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Outstanding inquests data (FOI)

Outstanding inquests data (FOI)

Produced by the Freedom of Information office
Authored by Government of Jersey and published on 08 December 2023.
Prepared internally, no external costs.


What is the current number of outstanding inquests?

Please provide any information  about how long it has been since these inquests have been opened.

How many vacancies exist in the Viscount's department, and what measures are being taken to recruit, as well as efforts, if relevant, to take on extra temporary staff?

Please advise if there is concern about the length of time taken, and the impact of long waits on family members.


The figures given below are as at 30 November 2023. There are 102 inquests which have been opened pursuant to the Inquests and Post-mortem Examinations (Jersey) Law 1995 and have not yet concluded.
22 of those cases relate to criminal investigations or proceedings, including three from the L’Ecume II / ferry collision and ten from the Haut Du Mont explosion.   It is a requirement of the Inquests and Post-mortem Examinations (Jersey) Law 1995 that when a person has been, or may be, charged with causing the death in respect of which the inquest is being held, the Viscount shall adjourn the inquest until after the conclusion of any criminal proceedings.
Each sudden and unexpected death reported to the Viscount is dealt with on a case-by-case basis. No data is held in relation to the average time taken from the death being reported to the Viscount and the outcome of the Viscount’s investigation, whether that be by authorisation of a death certificate or the conclusion of an inquest. 
New cases arise on an almost daily basis. Three inquests were opened and adjourned on 17 November 2023.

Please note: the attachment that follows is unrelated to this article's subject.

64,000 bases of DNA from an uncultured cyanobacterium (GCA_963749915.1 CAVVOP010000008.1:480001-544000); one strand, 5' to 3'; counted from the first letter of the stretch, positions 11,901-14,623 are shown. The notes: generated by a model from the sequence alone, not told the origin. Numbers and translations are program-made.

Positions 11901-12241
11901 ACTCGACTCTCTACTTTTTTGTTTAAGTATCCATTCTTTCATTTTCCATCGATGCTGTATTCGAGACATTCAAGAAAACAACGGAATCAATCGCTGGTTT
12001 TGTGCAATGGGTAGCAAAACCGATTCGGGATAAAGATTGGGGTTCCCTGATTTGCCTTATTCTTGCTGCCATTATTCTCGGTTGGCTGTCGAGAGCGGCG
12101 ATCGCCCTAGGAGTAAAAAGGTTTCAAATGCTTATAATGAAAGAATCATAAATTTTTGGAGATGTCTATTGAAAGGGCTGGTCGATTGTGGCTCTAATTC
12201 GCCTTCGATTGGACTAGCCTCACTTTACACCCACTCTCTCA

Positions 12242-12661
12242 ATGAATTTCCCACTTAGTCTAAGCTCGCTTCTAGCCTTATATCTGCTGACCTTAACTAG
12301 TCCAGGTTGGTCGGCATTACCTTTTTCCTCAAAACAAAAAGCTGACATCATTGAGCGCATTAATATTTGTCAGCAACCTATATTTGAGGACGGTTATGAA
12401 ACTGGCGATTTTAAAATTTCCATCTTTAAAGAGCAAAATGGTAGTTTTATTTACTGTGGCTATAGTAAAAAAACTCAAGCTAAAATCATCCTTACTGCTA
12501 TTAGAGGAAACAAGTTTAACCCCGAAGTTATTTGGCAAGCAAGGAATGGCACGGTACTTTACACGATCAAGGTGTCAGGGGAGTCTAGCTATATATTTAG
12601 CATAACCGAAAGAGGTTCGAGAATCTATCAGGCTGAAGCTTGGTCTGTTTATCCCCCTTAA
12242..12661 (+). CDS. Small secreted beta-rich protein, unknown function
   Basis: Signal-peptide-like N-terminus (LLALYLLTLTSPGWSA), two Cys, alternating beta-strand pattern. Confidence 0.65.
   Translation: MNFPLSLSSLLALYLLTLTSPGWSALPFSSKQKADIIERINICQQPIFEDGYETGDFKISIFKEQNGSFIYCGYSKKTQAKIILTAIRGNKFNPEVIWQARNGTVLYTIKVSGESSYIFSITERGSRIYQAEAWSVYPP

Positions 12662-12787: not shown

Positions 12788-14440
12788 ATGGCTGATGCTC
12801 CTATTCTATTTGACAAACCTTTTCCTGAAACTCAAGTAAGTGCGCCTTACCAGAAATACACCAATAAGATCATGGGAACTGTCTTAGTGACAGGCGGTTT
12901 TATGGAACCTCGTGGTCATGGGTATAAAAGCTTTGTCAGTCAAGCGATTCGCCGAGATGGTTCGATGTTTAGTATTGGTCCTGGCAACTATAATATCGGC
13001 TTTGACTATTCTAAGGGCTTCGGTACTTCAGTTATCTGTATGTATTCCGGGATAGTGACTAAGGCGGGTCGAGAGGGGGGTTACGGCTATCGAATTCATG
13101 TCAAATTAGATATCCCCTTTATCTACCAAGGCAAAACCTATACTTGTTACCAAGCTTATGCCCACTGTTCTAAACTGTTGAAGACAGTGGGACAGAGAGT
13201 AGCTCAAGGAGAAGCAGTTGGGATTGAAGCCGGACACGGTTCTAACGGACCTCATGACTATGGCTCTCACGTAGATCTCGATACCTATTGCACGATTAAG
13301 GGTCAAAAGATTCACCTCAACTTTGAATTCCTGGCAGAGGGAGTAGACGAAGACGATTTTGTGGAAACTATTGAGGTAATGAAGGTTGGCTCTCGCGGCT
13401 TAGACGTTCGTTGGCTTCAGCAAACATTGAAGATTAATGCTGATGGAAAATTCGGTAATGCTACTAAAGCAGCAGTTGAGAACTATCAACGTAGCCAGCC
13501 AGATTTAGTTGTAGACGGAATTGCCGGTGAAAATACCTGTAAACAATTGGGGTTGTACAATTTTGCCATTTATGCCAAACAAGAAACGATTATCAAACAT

The longest running inquest which has not yet concluded relates to a death which occurred in September 2018. This death has been the subject of criminal investigations. A Pre-Inquest Review Hearing has been held and subject to the outcome of further enquiries, a date for the conclusion of this multi-day inquest is likely to be set for some time in the next six months.
Further details about the number of deaths reported to the Viscount and inquests completed can be found in the Jersey Court Service annual reports published on  
Viscount's reports and documents (
The 2023 Full Time Equivalent (FTE) for the Viscount’s Department is FTE 31.83. As at 20 November 2023 the appointed FTE’s (including a new starter arriving in early January 2024) is FTE 24.14 and vacant posts were FTE 7.69. The Viscount’s Department are recruiting new team members in accordance with the States employment process. With respect to the Viscount’s role as coroner and the associated administrative support required, this is a specialist role with little or no synergy with other workstreams of the department and this makes recruitment more challenging.  
The coroner is always mindful of the bereaved family’s situation and the impact that delays can cause them, as well as others connected with a death such as witnesses, some of whom might be vulnerable and traumatised by a death. For these reasons, the aim remains for inquests to be advanced as expeditiously as possible through the court process. There are many reasons why an inquest may take time to complete. A few examples include: waiting for the conclusion of criminal proceedings or other statutory investigations in relation to a death; waiting for the results of specialist tests and analyses or examination of organs and tissues; waiting for information concerning deaths of Jersey citizens abroad where evidence is obtained through the Foreign and Commonwealth Office; at the request of family who wish to attend the inquest; the availability of witnesses and experts; and additional enquiries that arise during the course of the investigation requiring further expert and specialist opinion.
The major fatalities caused by the L’Ecume II / ferry collision and the Haut Du Mont explosion, coupled with a greater than usual number of deaths in 2022, particularly over the winter period 2022/23, have had a significant impact on the workload of the small but dedicated coroner team at the Viscount’s Department.​
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